Honeys exerts a protective effect against CVDs, and this activity is dependent on multiple factors, one of which is its chemical content, especially its constituent phenolic compounds. While the antioxidant properties of honey have been found to correlate with total phenolic compound content, they most likely arise as a result of the synergic effect of the various phenolic compounds present [16,93,94,95,96]. A similar relationship may exist for other biological properties of honey, such as the anti-platelet potential of its phenolic compounds, which play a significant role in the prophylaxis and treatment of stroke, atherosclerosis, coronary heart disease, and other CVDs induced by hyperactivation of blood platelets. However, this review, examining whether honey is an effective medicine for CVDs in humans, has some limitations. Firstly, while it includes a number of studies based on in vitro and animal models, only a few were performed on human subjects, and the cardioprotective effect of honey remains relatively unstudied among humans with high risk factors, including those with obesity and high blood pressure. In addition, only few papers describe the chemical characteristics of honey, especially its phenolic compound profile, and its effects on CVDs. Therefore, it is difficult to clearly identify the role of honey and its phenolic compounds in CVDs and whether these compounds have potential side effects such as bleeding, tissue ischemia, and hypertension in humans. In conclusion, although pure phenolic compounds are known to demonstrate antioxidant and often anti-platelet properties, it is necessary to first identify all the other potential mechanisms mediated by honey phenolics before the true value of honey can be recognized as a potential prophylactic and therapeutic agent for CVDs, especially in humans. It is an important that the source of honey has a large impact on potential outcomes. Therefore, especially the chemical content of honeys (for example concentration of phenolic compounds) should be studied.

Author Contributions

Beata Olas—Conceptualization; Writing - Review & Editing. All authors have read and agreed to the published version of the manuscript.


This research received no external funding.

Conflicts of Interest

The author declares no conflict of interest.


ADPadenosine diphosphate
Aktprotein kinase B
APPTactivated partial prothrombin time
CVDcardiovascular disease
eNOSendothelial nitric oxide synthase
GAEgallic acid equivalent
GSK3βglycogen synthase kinase 3β
HDLhigh density lipoprotein
ICAM-1intercellular adhesion molecule 1
LDLlow density lipoprotein
MAPKmitogen-activated protein kinase
Nrf2erythroid 2 related factor 2
ORACoxygen radical absorbance capacity
PKCprotein kinase C
PLCγphospholipase Cγ
PTprothrombin time
ROSreactive oxygen species
TBARSthiobarbituric acid reactive substances
TETrolox equivalent
TNF-αtumor necrosis factor α
TRAPthrombin receptor-activated peptide
TTthrombin time
VCAM-1vascular cell adhesive protein 1
VLDLvery low-density lipoprotein.


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Table 1. The most common phenolic compounds (flavonoids and phenolic acids) in different types of honey [7].
Table 1. The most common phenolic compounds (flavonoids and phenolic acids) in different types of honey [7].
Phenolic Compounds
FlavonoidsPhenolic Acids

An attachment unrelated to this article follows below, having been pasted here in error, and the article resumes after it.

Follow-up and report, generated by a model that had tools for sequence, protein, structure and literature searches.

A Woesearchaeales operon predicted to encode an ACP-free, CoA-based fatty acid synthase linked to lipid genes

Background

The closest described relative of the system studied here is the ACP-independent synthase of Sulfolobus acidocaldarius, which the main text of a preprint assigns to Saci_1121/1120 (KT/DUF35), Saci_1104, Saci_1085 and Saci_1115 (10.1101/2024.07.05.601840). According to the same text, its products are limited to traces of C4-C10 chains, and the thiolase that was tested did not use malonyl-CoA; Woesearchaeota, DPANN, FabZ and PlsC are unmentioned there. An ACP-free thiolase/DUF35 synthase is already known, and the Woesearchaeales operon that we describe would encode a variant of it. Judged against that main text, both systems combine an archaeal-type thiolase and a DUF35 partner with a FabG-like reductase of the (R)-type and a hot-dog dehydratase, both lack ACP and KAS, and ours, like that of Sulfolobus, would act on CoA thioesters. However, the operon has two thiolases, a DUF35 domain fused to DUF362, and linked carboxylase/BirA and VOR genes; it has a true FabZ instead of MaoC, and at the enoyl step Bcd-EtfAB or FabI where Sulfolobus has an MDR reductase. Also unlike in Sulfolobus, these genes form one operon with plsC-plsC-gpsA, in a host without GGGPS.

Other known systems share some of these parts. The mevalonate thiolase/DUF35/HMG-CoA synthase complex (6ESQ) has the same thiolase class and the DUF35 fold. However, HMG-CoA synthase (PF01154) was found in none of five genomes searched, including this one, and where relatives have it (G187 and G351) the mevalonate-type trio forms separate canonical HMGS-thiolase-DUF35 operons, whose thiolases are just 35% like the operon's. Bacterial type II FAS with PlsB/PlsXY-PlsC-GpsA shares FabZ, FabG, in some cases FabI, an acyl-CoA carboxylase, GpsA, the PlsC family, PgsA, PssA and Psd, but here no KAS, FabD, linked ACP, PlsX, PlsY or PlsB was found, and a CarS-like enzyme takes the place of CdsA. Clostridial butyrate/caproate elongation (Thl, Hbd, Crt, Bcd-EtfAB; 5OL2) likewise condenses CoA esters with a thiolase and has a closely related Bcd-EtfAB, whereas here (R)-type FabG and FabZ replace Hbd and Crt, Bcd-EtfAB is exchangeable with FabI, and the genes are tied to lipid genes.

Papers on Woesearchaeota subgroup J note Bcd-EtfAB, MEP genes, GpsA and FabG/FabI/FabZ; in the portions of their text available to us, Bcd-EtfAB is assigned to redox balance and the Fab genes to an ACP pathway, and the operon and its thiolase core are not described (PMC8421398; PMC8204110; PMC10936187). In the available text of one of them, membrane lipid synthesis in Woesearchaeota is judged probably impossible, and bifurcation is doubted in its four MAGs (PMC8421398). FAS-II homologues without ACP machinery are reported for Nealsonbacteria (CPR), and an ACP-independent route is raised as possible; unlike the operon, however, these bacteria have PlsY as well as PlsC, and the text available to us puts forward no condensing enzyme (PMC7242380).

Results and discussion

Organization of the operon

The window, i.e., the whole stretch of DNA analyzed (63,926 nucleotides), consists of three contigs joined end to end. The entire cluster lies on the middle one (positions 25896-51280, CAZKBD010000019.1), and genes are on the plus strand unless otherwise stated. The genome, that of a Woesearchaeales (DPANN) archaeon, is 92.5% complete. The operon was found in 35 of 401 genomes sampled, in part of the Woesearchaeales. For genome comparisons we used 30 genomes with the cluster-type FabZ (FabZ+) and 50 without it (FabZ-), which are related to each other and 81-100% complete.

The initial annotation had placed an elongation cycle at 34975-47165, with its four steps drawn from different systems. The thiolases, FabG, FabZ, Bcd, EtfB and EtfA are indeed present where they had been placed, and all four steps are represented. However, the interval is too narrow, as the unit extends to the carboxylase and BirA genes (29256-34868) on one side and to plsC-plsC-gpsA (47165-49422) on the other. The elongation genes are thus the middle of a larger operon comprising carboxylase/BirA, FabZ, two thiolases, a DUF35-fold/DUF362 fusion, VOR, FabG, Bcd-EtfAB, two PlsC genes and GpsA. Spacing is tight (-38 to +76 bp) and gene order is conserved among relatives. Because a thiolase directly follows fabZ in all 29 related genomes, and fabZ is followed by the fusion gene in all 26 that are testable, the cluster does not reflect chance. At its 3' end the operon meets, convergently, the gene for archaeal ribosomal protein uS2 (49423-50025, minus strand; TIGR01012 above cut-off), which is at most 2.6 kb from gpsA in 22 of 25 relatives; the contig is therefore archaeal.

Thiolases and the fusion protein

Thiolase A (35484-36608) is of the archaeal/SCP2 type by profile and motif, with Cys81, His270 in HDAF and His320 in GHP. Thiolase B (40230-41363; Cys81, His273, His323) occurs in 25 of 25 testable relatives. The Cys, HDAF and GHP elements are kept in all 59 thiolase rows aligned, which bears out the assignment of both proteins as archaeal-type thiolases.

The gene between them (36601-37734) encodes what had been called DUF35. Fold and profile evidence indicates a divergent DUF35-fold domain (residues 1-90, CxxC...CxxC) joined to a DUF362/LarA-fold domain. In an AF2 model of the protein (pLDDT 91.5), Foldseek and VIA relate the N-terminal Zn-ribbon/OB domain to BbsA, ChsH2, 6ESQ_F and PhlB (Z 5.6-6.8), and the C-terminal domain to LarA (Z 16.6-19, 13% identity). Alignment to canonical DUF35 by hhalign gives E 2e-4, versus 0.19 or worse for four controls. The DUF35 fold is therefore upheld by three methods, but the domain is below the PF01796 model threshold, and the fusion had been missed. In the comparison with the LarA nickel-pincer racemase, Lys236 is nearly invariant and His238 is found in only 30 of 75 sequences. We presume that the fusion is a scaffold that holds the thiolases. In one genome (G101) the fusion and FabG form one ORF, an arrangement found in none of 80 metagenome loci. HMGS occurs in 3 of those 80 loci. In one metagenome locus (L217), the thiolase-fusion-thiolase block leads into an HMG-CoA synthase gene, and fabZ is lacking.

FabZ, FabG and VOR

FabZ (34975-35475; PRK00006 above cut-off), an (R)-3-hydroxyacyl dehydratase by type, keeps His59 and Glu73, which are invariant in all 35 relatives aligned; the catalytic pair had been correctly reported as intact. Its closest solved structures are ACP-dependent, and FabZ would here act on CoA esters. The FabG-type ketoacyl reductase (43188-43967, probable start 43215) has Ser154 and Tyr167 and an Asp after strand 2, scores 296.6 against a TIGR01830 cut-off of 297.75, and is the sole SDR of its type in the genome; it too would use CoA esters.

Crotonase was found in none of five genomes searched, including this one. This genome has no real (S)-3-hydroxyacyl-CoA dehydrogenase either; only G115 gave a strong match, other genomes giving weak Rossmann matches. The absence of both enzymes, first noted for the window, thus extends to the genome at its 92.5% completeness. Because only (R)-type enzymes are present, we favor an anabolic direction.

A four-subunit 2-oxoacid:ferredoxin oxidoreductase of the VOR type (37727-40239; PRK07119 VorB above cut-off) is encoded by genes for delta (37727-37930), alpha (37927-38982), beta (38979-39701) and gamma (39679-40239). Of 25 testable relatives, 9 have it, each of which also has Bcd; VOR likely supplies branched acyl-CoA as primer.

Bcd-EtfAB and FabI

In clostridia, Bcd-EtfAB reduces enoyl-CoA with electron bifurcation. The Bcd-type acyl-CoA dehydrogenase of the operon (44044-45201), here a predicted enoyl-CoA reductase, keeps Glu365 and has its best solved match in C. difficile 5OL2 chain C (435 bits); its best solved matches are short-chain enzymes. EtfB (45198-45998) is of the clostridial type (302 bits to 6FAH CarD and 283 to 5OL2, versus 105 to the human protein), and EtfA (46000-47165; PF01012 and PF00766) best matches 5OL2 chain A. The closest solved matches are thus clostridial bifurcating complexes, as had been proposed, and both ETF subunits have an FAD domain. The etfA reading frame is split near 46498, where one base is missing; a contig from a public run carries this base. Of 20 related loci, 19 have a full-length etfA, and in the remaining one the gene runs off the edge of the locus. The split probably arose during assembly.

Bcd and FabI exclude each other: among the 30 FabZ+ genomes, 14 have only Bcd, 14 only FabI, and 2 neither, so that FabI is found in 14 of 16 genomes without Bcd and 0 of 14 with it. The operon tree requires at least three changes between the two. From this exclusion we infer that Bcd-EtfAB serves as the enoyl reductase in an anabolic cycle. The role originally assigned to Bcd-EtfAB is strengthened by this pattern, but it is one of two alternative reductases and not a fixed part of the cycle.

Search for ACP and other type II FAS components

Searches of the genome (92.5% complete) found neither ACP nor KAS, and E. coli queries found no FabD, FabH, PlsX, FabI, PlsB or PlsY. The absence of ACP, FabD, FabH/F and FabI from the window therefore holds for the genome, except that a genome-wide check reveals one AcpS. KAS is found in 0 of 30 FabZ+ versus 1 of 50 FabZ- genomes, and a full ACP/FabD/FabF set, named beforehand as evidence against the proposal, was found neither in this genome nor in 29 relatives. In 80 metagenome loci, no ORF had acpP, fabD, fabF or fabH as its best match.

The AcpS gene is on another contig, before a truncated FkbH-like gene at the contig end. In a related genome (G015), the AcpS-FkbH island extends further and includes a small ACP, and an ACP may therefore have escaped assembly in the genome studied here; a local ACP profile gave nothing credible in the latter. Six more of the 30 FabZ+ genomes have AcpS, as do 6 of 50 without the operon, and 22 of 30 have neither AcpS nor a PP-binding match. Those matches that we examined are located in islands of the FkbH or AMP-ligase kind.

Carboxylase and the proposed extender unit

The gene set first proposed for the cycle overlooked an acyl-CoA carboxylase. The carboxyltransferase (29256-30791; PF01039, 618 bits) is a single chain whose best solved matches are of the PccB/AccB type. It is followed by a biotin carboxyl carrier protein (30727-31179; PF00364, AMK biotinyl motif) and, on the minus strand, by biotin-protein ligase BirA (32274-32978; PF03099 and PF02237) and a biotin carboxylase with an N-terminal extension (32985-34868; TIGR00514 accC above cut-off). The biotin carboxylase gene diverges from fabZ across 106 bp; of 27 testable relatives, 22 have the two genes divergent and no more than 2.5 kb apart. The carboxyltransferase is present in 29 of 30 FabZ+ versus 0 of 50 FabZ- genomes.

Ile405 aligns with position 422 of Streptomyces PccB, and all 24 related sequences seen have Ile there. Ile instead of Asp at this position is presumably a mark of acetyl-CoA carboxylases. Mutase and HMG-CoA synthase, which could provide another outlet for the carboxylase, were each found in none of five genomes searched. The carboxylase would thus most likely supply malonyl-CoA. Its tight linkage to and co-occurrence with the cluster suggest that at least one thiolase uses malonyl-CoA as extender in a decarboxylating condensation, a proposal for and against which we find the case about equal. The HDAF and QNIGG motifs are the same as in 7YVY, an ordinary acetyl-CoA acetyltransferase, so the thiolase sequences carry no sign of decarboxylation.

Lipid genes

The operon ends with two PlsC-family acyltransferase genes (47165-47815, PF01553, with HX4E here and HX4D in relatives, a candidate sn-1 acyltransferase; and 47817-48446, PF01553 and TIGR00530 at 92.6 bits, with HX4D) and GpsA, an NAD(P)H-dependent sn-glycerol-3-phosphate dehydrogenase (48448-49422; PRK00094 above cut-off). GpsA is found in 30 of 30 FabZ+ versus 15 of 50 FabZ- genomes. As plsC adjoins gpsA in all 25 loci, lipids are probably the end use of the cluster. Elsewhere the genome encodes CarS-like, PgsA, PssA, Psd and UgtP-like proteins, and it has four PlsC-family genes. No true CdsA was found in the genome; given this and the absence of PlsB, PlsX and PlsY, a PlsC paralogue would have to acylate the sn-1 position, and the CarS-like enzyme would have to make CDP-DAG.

Eucalyptus Honey
Chrysin (C15H10O4)Benzoic acid (C7H6O2)
Isorhamnetin (C16H12O7)Caffeic acid (C9H8O4)
Kaempferol (C15H10O6)Chlorogenic acid (C16H18O9)
Luteolin (C15H10O6)Ellagic acid (C14H6O8)
Myricetin (C15H10O8)Ferulic acid (C10H10O4)
Pinobanksin (C15H12O5)Gallic acid (C7H6O5)
Pinocembrin (C15H12O4)p-coumaric acid (C9H8O3)
Tricetin (C15H10O7)Protocatechuic acid (C7H6O4)
Quercetin (C15H10O7)Syringic acid (C9H10O5)
Vanillic acid (C8H8O4)
Manuka Honey
Chrysin (C15H10O4)Caffeic acid (C9H8O4)
Galangin (C15H10O5)Ferulic acid (C10H10O4)
Isorhamnetin (C16H12O7)Gallic acid (C7H6O5)
Kaempferol (C15H10O6)Syringic acid (C9H10O5)
Luteolin (C15H10O6)
Pinobanksin (C15H12O5)
Pinocembrin (C15H12O4)
Quercetin (C15H10O7)
Acacia Honey
Apigenin (C15H10O5)Caffeic acid (C9H8O4)
Chrysin (C15H10O4)Chlorogenic acid (C16H18O9)
Galangin (C15H10O5)Ferulic acid (C10H10O4)
Genistein (C15H10O5)Gallic acid (C7H6O5)
Kaempferol (C15H10O6)Syringic acid (C9H10O5)
Luteolin (C15H10O6)Vanillic acid (C8H8O4)
Myricetin (C15H10O8)
Pinobanksin (C15H12O5)
Pinocembrin (C15H12O4)
Quercetin (C15H10O7)
Sunflower Honey
Galangin (C15H10O5)Benzoic acid (C7H6O2)
Pinobanksin (C15H12O5)Caffeic acid (C9H8O4)
Pinocembrin (C15H12O4)Ferulic acid (C10H10O4)
Gallic acid (C7H6O5)
p-coumaric acid (C9H8O3)
Protocatechuic acid (C7H6O4)
Syringic acid (C9H10O5)
Vanillic acid (C8H8O4)
Lavender Honey
Benzoic acid (C7H6O2)
Caffeic acid (C9H8O4)
Ferulic acid (C10H10O4)
Gallic acid (C7H6O5)
p-coumaric acid (C9H8O3)
Protocatechuic acid (C7H6O4)
Syringic acid (C9H10O5)
Vanillic acid (C8H8O4)
Orange Honey
Benzoic acid (C7H6O2)
Caffeic acid (C9H8O4)
Ferulic acid (C10H10O4)
Gallic acid (C7H6O5)
p-coumaric acid (C9H8O3)
Protocatechuic acid (C7H6O4)
Vanillic acid (C8H8O4)
Pine Honey
Catechin (C15H15O6)Protocatechuic acid (C7H6O4)
Table 2. Cardioprotective potential of honey in various experimental models.
Table 2. Cardioprotective potential of honey in various experimental models.
HoneyInvestigated RolesReferences
Honey (chemical content: undefined)Antioxidant effect (in vitro)[16]
Honey (chemical content: undefined)Anti-platelet and anticoagulant effects (in vitro)[48]
Medical honey preparations (chemical content: unidentified)Angiogenetic effect (in vitro)[49]
Honey (chemical content: undefined)Anti-platelet effect (in vitro)[50]
Greek honeys (for example, the total phenolic compounds—5.2 ± 0.2 g GA/kg honey, for fir honey from Karpeniri)Antiatherogenic effect (in vitro)[40]
Honey (chemical content: undefined)Antithrombotic effect (mice model)[50]
Tualang honey (chemical content: undefined)Antioxidative potential (rat model)[59]
Sundarban honey (chemical content: undefined)Antioxidative potential (rat model)[54]
Nigerian honey (chemical content: undefined)Modifying lipid metabolism (diabetic rat model)[56]
Honey (chemical content: undefined)Modifying lipid metabolism (in young healthy people)[57]

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Olas, B. Honey and Its Phenolic Compounds as an Effective Natural Medicine for Cardiovascular Diseases in Humans? Nutrients 2020, 12, 283.